John Devereaux runs during the winter. (Photo/submitted)
By Dakota Antelman, Contributing Writer
Hudson – John Devereaux logs his daily runs in notebooks which he keeps in his Hudson home. Those notebooks, some almost a decade old, now form a large collection chronicling over 3,500 runs through Hudson.
The 51-year-old has been running at least one mile per day every day since Jan. 1, 2008. His feat, known as a “run streak,” is controversial among runners, some of whom fear its health effects. For Devereaux, however, health is the very reason he keeps running.
“You turn 40 and you have to start worrying about things like high blood pressure, heart disease, and things like that – and the constant battle of weight gain,” he said. “Without the streak, it might have been very easy for me to fall off the wagon for my running. My streak makes it so that it’s not a matter of if I’m going to run on any given day. It’s going to be when.”
Devereaux started running regularly in October 2006. He said that, after losing his job that year, fitness became an aspect of his life over which he realized he had absolute control. Though he did not run every day, he logged over 1,000 miles between October 2006 and October 2007.
He then started his streak at the beginning of 2008 with the goal of running every day that year.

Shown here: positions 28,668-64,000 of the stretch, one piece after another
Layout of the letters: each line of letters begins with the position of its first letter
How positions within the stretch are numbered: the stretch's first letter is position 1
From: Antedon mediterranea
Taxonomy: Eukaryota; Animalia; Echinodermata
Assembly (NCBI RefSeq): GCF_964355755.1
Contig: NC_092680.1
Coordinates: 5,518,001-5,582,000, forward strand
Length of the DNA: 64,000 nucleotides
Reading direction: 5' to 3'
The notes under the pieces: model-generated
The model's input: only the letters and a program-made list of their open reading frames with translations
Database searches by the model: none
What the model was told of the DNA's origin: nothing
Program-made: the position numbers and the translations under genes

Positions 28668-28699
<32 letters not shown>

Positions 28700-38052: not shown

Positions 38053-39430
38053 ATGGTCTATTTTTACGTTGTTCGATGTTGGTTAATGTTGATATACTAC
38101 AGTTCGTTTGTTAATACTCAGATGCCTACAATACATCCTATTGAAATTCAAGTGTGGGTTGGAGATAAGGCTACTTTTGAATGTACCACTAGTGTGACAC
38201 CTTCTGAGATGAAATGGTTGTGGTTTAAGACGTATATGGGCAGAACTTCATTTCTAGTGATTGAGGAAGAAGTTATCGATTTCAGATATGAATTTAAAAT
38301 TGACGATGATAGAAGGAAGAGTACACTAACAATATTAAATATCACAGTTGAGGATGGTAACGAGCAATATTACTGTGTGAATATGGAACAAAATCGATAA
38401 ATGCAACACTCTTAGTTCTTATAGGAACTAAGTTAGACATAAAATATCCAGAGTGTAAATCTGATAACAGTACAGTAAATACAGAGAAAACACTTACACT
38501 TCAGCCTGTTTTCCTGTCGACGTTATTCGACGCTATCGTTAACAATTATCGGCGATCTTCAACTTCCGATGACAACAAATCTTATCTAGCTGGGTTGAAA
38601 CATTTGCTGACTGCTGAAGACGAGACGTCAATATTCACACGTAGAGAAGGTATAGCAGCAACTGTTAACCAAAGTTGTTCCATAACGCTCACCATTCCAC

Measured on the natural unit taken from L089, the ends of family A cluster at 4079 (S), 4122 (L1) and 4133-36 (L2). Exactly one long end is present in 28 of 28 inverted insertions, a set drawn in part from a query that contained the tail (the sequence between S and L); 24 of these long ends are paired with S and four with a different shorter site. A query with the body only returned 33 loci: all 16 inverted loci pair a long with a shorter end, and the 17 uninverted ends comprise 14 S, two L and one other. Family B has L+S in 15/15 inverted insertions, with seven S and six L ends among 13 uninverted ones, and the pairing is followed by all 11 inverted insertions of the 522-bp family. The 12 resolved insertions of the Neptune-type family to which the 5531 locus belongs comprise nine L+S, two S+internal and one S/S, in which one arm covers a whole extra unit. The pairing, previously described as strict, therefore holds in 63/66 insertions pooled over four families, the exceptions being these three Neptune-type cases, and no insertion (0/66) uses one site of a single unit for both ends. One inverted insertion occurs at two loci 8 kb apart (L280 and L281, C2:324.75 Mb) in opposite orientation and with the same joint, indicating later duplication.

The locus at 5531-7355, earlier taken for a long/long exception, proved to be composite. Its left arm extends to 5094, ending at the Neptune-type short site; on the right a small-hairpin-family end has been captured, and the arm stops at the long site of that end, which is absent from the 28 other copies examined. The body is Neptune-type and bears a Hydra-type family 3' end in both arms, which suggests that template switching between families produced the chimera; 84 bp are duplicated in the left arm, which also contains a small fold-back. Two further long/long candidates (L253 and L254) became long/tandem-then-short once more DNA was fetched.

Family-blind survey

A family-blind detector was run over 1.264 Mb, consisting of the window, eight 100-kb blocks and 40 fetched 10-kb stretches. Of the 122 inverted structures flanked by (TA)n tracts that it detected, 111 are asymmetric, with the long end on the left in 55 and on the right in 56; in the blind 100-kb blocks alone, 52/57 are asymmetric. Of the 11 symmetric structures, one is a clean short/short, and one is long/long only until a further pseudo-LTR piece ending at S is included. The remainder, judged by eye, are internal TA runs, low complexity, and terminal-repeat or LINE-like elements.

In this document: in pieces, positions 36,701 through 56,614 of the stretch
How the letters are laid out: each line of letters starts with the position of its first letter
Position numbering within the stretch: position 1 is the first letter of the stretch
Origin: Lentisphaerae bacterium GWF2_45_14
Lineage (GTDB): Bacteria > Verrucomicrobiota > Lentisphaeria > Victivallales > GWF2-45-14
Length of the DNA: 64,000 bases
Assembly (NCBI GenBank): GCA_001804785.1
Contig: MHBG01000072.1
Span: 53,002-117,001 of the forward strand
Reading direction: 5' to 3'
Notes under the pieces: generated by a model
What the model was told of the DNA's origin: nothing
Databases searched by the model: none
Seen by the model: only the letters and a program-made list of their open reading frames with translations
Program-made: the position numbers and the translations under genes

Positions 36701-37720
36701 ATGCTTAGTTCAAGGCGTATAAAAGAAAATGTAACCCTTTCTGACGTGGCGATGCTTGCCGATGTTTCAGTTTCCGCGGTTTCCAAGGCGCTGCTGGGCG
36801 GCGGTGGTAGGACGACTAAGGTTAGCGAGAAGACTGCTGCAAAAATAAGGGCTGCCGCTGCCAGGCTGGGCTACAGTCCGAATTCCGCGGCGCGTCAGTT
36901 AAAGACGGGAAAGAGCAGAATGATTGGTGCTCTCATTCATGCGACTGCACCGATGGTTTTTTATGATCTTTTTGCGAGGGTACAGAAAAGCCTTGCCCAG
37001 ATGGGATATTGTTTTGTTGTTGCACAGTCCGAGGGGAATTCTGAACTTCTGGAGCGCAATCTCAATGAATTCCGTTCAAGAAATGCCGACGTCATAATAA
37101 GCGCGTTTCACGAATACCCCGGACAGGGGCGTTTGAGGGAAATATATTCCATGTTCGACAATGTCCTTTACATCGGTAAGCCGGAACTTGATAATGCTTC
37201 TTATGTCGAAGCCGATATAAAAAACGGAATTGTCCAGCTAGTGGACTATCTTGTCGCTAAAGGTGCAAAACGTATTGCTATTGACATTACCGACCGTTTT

On Jan. 1, 2009, however, he decided to simply keep running.
“I’m surprised that it’s continued,” he said. “It’s kind of taken on a life of its own.”
Devereaux’s is one of hundreds of documented run streaks in the U.S. In fact, the U.S. Run Streak Association (USRSA) tracked 786 streaks, ranging in length from just over a year to more than 48 years, on its website as of Oct. 15.
Though enthusiastic about streaks, even the USRSA website acknowledged criticisms of run streaking that say the practice can lead to injuries from overuse.
Since starting his streak, Devereaux has himself dealt with injuries. He suffered a partially torn meniscus when he slipped on ice in January 2015. He ran through the pain of that injury every day even as he delayed seeing a surgeon until November of that year.
He considered stopping his streak as he finally walked into his appointment with that surgeon. He walked out, however, having heard he would not need surgery and that he could continue to run on his knee without causing permanent damage.
“That was good enough for me,” he said. “It was the start of my rehab and the start of my marathon training.”
Though he said his primary reason for maintaining the streak is still fitness, Devereaux indeed began racing more frequently after his knee injury. He placed second in his age group in this summer’s Thomas Clardy Memorial 5k in Hudson and has completed two marathons since the beginning of 2016. As of Oct. 15, he was also preparing for the Marine Corps Marathon in Washington, D.C., Oct. 22 where he hoped to qualify for next year’s Boston Marathon.
As he approaches a decade spent running, Devereaux wants to continue his streak and better his performances in races. But, aware of the dangers of streak running, he also said he hopes he can stop if his streak begins to hurt him.
“I think people can easily carry these streaks too far and do things detrimental to their health,” he said. “But I feel like I haven’t done that yet.”